• Join over 1.2 million students every month
  • Accelerate your learning by 29%
  • Unlimited access from just £6.99 per month

Select describe and explain the important ways in which an Orthodox Jewish family observes Shabbat.

Extracts from this document...


Select describe and explain the important ways in which an Orthodox Jewish family observes Shabbat. There are several keywords in the title of this essay, to answer this question as fully as possible, then I need to identify them! I'm suggesting the keywords are "Orthodox", "Jewish" and "Shabbat", the easier of the three to explain are Orthodox and Jewish. Jewish, it roots from the word Jew, which is one of the worlds greatest religions, so when using the word Jewish, in context it is to identify and group, somebody by the religion they follow. Orthodox is one of the several denominations of the religion, an Orthodox Jew is somebody which has strict views on the original Mitzvot and will keep them, but there are such things as ultra-Orthodox Jews and these will live egsactly how they Mitzvot say to. Shabbat or more commonly known as Sabbath, is most probably known as the day Jesus worked on and was crucified for it. ...read more.


It is a very holy moment, for Shabbat has arrived. The father blesses his children, usually in Hebrew. It is a pray-full wish that his children will grow up to be Jewish, and follow the examples of the righteous Jewish men and woman in the history of Judaism. Then he will recite Kiddush - and every member of the family will listen and say "amen" at the end of each blessing. No-one will have tasted any food from the moment Shabbat began until hearing Kiddush. After Kiddush, everyone goes to wash their hands - this is not mental cleansing but their hands must be clean, even before washing. Then the family take their places at the table. The father will recite a blessing over the challot bread and after cutting the bread, he dips the pieces lightly in salt and passes them round. The father blessing the challot (Shabbat loaves) - represent the manna the miracle food that the ancient Israelites ate during their journey through the desert. ...read more.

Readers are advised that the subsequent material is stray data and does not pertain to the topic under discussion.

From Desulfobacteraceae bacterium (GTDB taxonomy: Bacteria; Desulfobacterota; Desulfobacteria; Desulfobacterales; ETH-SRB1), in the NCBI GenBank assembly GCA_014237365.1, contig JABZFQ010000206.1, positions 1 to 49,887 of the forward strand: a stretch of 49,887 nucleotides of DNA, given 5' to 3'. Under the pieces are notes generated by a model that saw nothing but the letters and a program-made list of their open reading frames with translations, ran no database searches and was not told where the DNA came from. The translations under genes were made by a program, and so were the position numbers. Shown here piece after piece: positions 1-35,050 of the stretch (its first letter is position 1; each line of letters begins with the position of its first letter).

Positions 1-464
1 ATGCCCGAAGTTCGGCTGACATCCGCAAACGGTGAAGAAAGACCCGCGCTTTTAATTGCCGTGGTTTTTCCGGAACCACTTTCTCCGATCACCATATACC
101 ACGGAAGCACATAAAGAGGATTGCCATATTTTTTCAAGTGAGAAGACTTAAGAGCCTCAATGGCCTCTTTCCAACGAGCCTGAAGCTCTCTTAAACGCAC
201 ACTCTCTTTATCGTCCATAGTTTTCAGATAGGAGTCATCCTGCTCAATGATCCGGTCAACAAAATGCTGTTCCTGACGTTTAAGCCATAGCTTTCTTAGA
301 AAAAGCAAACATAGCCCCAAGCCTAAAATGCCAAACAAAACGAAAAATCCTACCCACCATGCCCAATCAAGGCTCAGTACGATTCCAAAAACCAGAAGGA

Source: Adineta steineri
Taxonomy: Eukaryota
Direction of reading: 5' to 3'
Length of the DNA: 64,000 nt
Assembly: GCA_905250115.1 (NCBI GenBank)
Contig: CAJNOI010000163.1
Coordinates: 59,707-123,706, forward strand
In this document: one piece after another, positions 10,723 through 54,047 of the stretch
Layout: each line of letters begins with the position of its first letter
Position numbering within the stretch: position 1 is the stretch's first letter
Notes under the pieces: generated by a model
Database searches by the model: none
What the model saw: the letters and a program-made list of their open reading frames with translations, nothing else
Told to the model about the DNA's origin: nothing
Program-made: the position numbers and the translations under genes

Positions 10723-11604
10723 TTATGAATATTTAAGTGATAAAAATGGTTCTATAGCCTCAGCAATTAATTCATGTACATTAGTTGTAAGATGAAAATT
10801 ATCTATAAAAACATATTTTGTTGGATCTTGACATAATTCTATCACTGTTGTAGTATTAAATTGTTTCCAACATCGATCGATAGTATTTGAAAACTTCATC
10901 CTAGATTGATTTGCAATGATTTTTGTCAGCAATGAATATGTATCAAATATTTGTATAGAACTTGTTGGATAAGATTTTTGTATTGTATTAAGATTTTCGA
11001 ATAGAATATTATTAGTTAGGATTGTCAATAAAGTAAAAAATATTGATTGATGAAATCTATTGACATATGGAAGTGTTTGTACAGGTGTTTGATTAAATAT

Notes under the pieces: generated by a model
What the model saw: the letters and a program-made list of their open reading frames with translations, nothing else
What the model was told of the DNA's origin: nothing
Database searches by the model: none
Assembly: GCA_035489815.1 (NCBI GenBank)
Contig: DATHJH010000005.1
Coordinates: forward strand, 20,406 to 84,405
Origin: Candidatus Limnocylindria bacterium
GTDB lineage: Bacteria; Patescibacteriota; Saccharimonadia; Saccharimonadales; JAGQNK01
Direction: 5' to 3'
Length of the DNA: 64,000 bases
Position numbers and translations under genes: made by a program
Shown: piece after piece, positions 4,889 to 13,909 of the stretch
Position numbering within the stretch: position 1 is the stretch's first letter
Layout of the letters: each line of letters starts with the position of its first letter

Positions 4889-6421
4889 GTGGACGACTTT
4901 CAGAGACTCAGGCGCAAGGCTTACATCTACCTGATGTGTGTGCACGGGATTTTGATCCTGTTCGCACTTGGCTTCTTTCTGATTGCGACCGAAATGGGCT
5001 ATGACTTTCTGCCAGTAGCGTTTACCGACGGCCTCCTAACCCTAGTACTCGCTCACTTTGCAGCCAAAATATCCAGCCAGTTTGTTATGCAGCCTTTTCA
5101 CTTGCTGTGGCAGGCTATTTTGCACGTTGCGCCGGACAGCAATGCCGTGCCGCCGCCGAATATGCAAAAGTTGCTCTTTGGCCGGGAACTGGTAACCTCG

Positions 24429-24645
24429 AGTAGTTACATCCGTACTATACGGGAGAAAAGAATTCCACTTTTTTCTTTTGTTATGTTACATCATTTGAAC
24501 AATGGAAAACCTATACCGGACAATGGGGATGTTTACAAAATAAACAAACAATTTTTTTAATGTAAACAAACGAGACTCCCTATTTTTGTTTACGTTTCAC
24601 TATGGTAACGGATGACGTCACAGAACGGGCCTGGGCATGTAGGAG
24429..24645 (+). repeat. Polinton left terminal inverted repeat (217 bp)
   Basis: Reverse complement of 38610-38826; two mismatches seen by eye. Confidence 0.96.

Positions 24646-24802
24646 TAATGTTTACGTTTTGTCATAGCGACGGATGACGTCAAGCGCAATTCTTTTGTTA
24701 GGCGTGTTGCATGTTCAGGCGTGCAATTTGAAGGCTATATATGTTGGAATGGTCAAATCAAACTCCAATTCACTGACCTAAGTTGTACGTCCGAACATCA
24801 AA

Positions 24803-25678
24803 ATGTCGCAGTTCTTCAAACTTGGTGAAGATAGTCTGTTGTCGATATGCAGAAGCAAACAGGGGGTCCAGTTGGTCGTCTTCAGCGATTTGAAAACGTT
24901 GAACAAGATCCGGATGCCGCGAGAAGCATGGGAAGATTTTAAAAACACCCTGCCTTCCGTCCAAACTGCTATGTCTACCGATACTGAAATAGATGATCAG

He does recite a prayer over the challot. Later on the in afternoon, the Father may return to the synagogue again. Afternoon prayers are usually quite short and the sefer Torah is taken out again and the first part of the following week's sidra is read out. When the stars appear on Saturday night, Shabbat is over and the congregation prays the weekday evening service. This includes a prayer asking for God's blessing for the coming week. At the end of the service, the rabbi performs havadalah, (separation) a ceremony to mark the end of a holy day. He says a blessing over a cup of wine, followed by another over spices. A third blessing is said over the light of a candle, showing that Jews are once more allowed to light fire. He says one last blessing over the wine, and the separation of the holy day from the ordinary is completed. As soon as the family get home, the father performs havadalah and the whole family tidy up the house, and prepare for the coming week. ...read more.

The above preview is unformatted text

This student written piece of work is one of many that can be found in our GCSE Judaism section.

Found what you're looking for?